Death of the Critic

Why Did I Watch That? - Navy SEALs: The Battle for New Orleans

Written by: Tom Blaich


I watched a bad movie today. It is sort of a guilty pleasure of mine. Watching bad movies that is. I revel in the terrible plots, paper-thin characters, cheesy effects, and wooden acting. It fuels me.
I love them in a way that I can’t quite describe, or feel about bad games or music. To me, bad films deserve to be recognized, talked about, and maybe occasionally ridiculed. This one is no exception.

I don’t know what exactly about zombies caught the attention of the world, but for the last few years, the shambling undead have filled our screens, becoming the lowest common denominator of antagonists. More than anyone else, the makers of bad movies love zombies. The makeup is cheap, there is plenty of action, and little moral dilemma in mowing down giant crowds of them in bright red splashes of blood and gore. To most of these zombie films, the more violence they can cram into the runtime, the better, and
Navy SEALs: The Battle for New Orleans is no exception. And for a movie titled as such, the action feels much smaller scale than the filmmakers would like us to believe.

Apparently, there are just zombies in this world now, and the Vice-President is trapped in New Orleans along with “crowds” (read: a few extras in bad body paint) of zombies. There are hints of subplots, machinations by the VP to become president, but these are ignored, leaving them as hanging threads hinting at a better, or at least more interesting, movie.

Instead, the SEALs are sent in to save the VP, and they do so handily, putting him on a helicopter out of the city before the movie is even halfway over. Then they have to figure out what to do with the rest of the runtime, so they just kill off the VP, never to be mentioned again, before running off to a hospital, which for some reasons houses a secret research lab. Apparently, there might be a cure there, so they get sent to retrieve the scientists. The entire way, an annoying reporter and her camera man tag along to “report.”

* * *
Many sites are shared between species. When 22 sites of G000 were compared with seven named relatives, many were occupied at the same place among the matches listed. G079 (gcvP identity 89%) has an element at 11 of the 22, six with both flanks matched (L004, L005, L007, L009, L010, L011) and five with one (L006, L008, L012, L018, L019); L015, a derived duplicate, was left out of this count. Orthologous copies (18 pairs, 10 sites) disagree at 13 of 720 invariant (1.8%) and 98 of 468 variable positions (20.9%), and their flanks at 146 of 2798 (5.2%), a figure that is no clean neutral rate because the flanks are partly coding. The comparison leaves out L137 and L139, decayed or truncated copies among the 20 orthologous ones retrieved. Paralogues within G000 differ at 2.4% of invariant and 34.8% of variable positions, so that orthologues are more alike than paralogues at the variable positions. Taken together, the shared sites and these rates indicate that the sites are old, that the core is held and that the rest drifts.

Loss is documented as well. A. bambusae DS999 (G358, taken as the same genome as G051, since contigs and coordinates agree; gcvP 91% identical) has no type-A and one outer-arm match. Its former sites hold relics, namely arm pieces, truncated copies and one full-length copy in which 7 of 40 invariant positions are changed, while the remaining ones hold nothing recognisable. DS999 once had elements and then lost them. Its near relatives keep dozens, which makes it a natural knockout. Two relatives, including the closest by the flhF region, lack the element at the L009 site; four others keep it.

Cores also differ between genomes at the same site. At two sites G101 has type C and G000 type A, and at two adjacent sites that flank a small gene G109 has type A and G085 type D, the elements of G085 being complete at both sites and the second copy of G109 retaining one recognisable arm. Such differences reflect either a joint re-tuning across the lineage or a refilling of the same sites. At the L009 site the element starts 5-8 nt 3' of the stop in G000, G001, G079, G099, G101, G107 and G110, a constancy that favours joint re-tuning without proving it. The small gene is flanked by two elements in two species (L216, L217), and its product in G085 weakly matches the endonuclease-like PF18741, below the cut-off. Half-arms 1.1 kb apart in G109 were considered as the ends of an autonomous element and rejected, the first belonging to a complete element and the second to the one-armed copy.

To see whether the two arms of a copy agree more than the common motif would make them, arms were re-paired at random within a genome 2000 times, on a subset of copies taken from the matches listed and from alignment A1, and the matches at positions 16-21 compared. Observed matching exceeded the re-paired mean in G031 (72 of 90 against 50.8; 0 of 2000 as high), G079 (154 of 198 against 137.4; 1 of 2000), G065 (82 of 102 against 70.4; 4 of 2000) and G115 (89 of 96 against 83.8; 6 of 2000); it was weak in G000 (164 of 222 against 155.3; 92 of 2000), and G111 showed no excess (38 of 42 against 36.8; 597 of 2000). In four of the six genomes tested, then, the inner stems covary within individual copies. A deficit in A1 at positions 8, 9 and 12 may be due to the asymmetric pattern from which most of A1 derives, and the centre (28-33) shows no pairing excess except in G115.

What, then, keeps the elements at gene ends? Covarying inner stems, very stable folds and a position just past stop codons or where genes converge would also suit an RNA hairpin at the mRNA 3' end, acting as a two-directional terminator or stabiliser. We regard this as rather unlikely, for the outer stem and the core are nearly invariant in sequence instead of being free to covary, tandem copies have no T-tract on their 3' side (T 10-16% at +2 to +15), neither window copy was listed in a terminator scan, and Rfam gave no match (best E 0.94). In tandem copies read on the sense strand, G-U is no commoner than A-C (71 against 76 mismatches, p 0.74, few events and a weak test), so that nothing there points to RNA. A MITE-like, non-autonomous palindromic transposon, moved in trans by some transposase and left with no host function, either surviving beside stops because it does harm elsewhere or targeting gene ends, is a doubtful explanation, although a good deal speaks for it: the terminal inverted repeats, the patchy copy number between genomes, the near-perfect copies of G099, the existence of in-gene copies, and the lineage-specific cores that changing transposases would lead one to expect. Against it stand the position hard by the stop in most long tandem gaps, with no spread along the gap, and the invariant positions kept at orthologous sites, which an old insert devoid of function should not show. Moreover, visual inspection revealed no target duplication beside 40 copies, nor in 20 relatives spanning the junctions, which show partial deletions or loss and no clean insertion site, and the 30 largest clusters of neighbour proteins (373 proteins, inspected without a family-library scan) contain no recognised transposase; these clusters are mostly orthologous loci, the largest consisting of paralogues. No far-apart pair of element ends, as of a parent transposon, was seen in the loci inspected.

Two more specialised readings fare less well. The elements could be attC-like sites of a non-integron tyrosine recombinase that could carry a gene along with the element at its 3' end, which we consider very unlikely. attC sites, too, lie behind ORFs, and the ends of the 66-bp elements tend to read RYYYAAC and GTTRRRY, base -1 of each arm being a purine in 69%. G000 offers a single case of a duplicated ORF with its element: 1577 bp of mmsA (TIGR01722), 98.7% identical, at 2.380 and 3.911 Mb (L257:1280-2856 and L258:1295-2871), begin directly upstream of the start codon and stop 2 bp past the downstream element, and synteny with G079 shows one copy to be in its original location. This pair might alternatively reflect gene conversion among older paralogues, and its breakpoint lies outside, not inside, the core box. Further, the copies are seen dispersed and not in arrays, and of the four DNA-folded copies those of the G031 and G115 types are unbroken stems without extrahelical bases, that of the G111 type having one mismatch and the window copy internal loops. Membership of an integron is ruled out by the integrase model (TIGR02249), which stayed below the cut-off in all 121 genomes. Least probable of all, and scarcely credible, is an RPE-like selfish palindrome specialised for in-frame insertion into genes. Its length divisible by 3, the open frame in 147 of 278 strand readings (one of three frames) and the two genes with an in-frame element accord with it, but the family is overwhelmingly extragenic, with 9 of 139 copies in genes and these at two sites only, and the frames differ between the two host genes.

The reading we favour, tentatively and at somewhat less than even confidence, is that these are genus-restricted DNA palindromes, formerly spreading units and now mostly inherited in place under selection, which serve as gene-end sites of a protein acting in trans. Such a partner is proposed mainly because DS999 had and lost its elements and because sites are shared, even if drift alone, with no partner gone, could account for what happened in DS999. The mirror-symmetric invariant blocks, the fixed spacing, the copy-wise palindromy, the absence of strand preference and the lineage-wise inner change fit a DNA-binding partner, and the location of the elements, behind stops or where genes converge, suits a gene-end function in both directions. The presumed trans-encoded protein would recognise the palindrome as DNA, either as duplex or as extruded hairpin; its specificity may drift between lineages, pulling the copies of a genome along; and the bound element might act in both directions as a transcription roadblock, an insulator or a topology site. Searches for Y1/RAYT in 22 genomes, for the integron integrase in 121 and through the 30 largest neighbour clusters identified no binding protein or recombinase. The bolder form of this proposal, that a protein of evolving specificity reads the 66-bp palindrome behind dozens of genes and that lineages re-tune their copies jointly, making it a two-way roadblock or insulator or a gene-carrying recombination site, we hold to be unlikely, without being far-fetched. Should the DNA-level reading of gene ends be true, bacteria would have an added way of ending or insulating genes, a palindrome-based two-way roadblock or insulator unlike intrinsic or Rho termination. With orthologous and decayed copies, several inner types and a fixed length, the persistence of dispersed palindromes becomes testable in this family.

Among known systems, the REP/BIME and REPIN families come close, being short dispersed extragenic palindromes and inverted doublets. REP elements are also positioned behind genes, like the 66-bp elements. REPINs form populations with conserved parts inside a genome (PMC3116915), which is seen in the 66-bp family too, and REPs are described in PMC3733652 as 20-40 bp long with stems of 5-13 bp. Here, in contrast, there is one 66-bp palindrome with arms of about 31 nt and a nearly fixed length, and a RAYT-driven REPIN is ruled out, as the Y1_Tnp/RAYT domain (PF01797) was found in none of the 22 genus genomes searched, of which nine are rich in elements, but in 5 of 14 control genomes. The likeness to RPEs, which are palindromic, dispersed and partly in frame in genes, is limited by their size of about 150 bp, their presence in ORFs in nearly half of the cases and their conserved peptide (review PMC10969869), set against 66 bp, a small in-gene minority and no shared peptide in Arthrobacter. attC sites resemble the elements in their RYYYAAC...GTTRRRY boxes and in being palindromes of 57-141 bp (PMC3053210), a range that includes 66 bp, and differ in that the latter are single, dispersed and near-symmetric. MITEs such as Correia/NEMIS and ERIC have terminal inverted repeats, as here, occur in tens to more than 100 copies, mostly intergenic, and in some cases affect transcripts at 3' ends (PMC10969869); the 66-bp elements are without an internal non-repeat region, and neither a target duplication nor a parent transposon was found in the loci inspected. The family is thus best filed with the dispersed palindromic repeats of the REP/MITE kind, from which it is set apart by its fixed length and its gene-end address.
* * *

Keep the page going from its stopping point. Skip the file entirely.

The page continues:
The title of the movie had me hoping for something. An actual, city-scale battle of special forces soldiers versus crowds of zombies. That could actually be a bit interesting. Instead, it quickly reminded me why I should never have hope in when I watch these movies. It felt like the movie equivalent of a pair of bad video game escort missions crammed together from different stories. The gunfights are boring as they spray bullets at poorly made-up extras and toss grenades which explode into awful CGI explosions. There is no variety, no ingenuity, and no originality. Just a couple of generic soldiers with sharp jawlines and assault rifles gunning down waves of equally generic zombies.

I like a good zombie movie, but there are just so many terrible ones out there that I wish I had never seen.
Navy SEALs: Battle for New Orleans is just another in a long line of mediocre, disappointing zombie action movies that make promises that they’ll never keep.



Tom has been writing about media since he was a senior in high school. He likes long walks on the beach, dark liquor, and when characters reload guns in action movies.

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